A war of words

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What fugitive ex-premier Thaksin Shinawatra said over the weekend in Chiang Mai was still in the headlines of local newspapers, even though people accused by Thaksin of plotting to oust him came out to dismiss what he said as groundless

Lom Pleantis, a columnist for Thai Rath, tried to decode what Thaksin said in his video-link phone-in. The columnist said that if one decodes what Thaksin said by considering the intent of the fugitive premier and of the anti-government red-shirt protesters, it can be said that the video-link was Thaksin’s last-ditch effort to create another commotion to pave the way for him to come back to power.

Lom Pleantis said, “This is because if Thaksin prolongs the period of his exile further, his popularity with the grassroots demographic group, which has been his vote stronghold, will diminish.”

An Abac poll showed that PM Abhisit’s approval rating increased after the no-confidence debate, ranging in zone B – or 50.6 per cent. In contrast, Thaksin’s popularity declined. The survey showed that respondents gave Thaksin only a 23.6 per cent score, or D+.

Lom Pleantis attributed the rising popularity of Abhisit to a series of economic stimulus package measures. The columnist said that if the government has the opportunity to stay in power longer, chances are that it might be able to win more popularity.

Besides, MPs in the House have started to isolate themselves from Thaksin, such as the “nine cobra” MPs. Some MPs even refuse to listen to Thaksin any longer. Political activities outside the House, meanwhile, have started to lose momentum due to the inconsistent flow of money.

Therefore, Thaksin is desperately trying to encourage a big political movement so he can return to Thailand as a winner. But if the red-shirt rally fails to shake the political scene, then Thaksin’s chances will become dimmer.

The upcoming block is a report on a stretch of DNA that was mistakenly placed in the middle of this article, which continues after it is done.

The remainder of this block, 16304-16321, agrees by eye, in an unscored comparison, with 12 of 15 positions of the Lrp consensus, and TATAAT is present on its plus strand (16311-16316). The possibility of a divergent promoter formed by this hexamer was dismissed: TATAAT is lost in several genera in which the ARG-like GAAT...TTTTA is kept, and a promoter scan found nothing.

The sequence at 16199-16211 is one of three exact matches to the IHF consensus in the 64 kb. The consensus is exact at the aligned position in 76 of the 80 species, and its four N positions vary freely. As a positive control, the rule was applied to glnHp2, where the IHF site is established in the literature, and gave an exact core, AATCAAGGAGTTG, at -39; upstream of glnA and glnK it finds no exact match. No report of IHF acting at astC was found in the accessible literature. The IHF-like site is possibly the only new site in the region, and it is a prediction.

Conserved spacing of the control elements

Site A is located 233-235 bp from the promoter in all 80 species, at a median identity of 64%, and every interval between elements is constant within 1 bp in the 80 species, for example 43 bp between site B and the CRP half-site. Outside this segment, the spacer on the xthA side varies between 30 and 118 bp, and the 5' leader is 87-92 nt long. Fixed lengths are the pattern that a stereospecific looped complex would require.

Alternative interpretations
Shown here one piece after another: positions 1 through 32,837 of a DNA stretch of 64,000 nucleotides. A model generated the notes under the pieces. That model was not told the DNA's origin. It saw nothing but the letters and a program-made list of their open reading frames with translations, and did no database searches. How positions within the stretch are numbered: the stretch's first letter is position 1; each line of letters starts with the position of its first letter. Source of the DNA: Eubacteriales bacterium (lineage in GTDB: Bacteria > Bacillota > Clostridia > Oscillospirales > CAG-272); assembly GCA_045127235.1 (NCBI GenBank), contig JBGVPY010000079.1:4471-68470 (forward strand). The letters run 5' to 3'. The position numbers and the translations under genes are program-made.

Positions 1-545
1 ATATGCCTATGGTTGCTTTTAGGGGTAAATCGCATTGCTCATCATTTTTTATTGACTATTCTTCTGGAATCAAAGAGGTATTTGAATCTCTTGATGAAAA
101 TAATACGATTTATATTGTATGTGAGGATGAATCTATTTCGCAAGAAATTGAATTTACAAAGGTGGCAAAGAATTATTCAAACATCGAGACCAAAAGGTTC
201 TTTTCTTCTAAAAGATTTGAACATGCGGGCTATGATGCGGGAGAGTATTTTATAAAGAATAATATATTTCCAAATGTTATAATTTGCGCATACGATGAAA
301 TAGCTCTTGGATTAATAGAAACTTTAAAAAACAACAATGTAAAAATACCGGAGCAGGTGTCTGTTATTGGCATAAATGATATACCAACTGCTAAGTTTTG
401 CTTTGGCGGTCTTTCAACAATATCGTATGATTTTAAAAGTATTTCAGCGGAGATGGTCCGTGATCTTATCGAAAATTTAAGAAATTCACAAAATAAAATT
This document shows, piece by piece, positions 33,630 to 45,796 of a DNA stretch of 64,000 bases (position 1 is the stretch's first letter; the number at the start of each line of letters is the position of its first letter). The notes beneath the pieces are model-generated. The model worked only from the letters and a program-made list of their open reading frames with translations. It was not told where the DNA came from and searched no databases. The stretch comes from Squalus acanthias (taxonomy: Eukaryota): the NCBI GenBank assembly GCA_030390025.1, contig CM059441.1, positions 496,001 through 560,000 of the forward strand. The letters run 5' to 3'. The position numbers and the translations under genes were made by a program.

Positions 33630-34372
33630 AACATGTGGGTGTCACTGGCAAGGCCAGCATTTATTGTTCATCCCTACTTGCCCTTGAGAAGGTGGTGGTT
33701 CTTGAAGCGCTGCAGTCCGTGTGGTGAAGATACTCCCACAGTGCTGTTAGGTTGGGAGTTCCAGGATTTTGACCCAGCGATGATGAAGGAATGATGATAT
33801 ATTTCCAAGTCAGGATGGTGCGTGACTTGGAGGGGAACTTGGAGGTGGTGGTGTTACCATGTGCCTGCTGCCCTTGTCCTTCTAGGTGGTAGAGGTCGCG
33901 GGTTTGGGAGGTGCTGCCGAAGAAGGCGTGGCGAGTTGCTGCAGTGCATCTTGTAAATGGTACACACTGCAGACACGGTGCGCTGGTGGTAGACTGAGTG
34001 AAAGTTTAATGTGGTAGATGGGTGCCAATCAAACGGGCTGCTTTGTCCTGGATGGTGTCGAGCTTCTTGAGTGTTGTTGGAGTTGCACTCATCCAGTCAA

Matichon’s editorial leader commented on the same topic, with an article entitled “Listen With Reservation”. The paper referred to what Thaksin said during the phone-in to Chiang Mai and the Abhisit government’s attempt to spread information to counter Thaksin’s allegations.

Matichon said that the political battle is now an information battle. Both sides are trying to disseminate information to the public to attack their opponents. The government claims the red-shirt protesters are trying to topple it, while Thaksin claims he has survived two assassination plots. The latter claim has not been substantiated.

Matichon summed up that, amid the current political situation, Thais should listen to the claims with reservation because the information might be incomplete and is politically motivated. People should open their minds and ears and carefully think about the information from all sides.

Nation Opinion, Published on March 26, 2009

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